Organ shape is critical for the organism to function properly. For the example neural tube, early formation defects may have devastating consequences to the body. A fundamental building principal in embryogenesis is first organizing cells into simple structures, such as a closed sheet surrounding a lumen. Cells then undergo well-concerted programs to reconfigure tissue shape, or fold out of the plane of the sheet. In plane flows elongate one axis while shortening another during convergent extension. Folding in contrast dramatically changes tissue form, to endow the organ with its characteristic shape. In neural tube closure, an initially flat sheet of cells undergoes two sequential bending steps to fold up into a cylindrical tube surrounding a single lumen. A large body of work uncovered fundamental insights on fate determination. Yet, mechanisms controlling shape, particularly folding in the context of early human development, remain poorly understood. At the cellular level genetic patterning coordinates behaviors over long distances to instruct active forces that underlie folding. Before distilling a physical picture of how forces fold tissue, we need to identify behaviors leading to folding, and characterize coordination. Organoids harbor promise for studying early development, disease and regeneration in tightly controlled environments and human genetic background. However, progress is hampered by technical limitations, due to irregular patterning, and shape. This proposal seeks to develop a new strategy for designing robust models to study basic mechanisms of human organogenesis. Using micro patterning we successfully generated highly reproducible organoids with set size, shape, and formation kinetics. Our approach features flat rectangular shaped sheets that spontaneously fold out of the plane, and seamlessly close along the short dimension, generating a tube. The resulting platform is high throughput, compatible with live imaging, and well suited for quantitative data analysis strategies. This setup recapitulates major steps during neural tube closure in animal model systems, such as hinge formation and a zippering mechanism with actomyosin cable accompanying closure. Here we aim to adapt existing protocols to our platform to 1) induce formation of neuroepithelium and more closely model neural tube formation. We then aim to 2) assemble a quantitative atlas of cell behaviors observed during closure. Finally, we aim to 3) enter new territory and generate anatomical axes spanning the organoid tube using microfluidics. Our approach opens up a new path towards controlled models of human organogenesis, using the neural tube as example.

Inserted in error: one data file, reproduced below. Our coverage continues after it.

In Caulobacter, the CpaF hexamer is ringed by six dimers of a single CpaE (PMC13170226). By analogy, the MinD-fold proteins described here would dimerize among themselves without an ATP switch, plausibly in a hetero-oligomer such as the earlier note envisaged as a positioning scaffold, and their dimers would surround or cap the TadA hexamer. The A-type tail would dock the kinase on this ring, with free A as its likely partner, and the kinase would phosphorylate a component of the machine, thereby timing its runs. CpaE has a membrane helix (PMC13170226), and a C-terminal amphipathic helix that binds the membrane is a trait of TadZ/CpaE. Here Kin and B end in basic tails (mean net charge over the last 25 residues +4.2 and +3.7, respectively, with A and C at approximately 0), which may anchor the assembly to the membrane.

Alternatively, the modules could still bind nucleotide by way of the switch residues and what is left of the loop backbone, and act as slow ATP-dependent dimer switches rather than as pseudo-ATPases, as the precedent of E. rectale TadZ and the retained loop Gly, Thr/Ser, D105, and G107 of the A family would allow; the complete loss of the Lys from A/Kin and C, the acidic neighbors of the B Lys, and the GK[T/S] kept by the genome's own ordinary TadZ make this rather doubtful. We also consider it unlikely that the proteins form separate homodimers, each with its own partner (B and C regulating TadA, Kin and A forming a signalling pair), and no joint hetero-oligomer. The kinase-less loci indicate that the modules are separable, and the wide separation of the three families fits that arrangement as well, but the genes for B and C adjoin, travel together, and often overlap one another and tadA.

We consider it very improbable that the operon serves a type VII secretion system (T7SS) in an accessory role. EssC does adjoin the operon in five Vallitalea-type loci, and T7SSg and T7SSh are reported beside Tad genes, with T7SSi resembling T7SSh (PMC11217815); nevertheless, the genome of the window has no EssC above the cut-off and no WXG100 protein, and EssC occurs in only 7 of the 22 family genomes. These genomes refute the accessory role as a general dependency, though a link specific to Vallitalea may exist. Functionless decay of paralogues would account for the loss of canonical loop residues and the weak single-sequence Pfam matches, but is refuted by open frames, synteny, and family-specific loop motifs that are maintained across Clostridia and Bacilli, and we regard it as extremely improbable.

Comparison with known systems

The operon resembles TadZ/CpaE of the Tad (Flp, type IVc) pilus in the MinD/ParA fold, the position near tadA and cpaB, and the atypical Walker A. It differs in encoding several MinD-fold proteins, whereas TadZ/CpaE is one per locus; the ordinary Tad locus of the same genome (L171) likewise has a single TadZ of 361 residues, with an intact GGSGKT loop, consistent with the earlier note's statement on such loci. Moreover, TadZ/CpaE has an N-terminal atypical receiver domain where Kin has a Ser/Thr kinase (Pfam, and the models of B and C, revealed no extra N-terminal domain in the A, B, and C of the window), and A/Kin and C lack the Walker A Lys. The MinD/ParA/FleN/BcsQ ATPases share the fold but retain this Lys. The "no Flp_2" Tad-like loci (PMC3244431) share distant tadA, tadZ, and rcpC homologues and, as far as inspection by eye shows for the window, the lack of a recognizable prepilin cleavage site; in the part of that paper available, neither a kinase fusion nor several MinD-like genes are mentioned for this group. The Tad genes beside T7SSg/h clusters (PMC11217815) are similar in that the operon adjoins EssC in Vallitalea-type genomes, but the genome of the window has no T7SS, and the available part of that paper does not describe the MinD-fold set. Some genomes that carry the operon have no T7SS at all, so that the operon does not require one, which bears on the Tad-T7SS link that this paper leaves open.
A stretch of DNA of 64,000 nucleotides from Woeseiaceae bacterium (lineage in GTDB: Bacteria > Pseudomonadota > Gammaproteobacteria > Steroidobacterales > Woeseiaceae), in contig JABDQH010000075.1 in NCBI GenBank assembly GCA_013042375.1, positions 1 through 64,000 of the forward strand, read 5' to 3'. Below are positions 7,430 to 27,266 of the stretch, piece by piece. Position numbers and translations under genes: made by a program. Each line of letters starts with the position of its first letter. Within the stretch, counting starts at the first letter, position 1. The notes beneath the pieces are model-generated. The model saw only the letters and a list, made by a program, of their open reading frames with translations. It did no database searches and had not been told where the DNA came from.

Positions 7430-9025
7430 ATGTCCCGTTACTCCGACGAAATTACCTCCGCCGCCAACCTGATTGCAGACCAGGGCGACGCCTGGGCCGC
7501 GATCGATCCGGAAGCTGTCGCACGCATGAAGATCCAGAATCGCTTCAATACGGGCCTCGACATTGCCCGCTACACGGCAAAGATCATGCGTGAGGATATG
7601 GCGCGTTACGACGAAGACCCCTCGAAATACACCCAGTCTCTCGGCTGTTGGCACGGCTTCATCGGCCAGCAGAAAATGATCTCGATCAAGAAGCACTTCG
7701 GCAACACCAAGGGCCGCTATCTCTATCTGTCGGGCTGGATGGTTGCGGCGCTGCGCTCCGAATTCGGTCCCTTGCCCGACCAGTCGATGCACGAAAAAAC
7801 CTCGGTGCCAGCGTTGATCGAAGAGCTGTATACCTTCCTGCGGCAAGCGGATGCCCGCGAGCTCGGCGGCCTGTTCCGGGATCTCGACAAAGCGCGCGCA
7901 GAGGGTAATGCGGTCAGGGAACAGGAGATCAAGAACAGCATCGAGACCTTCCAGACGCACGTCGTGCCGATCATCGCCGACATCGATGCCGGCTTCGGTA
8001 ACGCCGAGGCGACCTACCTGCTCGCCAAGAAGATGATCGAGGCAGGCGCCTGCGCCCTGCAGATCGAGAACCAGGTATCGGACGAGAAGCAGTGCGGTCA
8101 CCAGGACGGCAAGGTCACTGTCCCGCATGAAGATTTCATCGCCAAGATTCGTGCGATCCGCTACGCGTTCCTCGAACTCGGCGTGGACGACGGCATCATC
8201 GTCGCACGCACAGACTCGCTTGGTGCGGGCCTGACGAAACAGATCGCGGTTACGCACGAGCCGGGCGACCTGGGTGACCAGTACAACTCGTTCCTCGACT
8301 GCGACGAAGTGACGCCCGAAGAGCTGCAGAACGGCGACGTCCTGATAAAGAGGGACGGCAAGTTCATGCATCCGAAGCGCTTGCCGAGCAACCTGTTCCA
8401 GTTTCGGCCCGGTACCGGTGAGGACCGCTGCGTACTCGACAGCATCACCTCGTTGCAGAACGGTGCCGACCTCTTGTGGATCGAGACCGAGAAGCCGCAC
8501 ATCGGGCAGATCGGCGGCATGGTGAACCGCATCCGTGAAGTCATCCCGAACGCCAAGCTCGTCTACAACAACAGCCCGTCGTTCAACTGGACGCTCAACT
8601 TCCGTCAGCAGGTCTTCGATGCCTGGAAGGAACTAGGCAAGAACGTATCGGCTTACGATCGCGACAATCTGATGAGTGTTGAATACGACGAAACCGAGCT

One in 500 live births in the US suffer from early failures in closing a tube involved in the formation of brain and spine - depending on severity often resulting in stillbirths or extremely short live spans. This study will combine various technological advances to establish novel cultured model systems that lay the foundations required to identify cellular, and genetic mechanisms underlying such defects.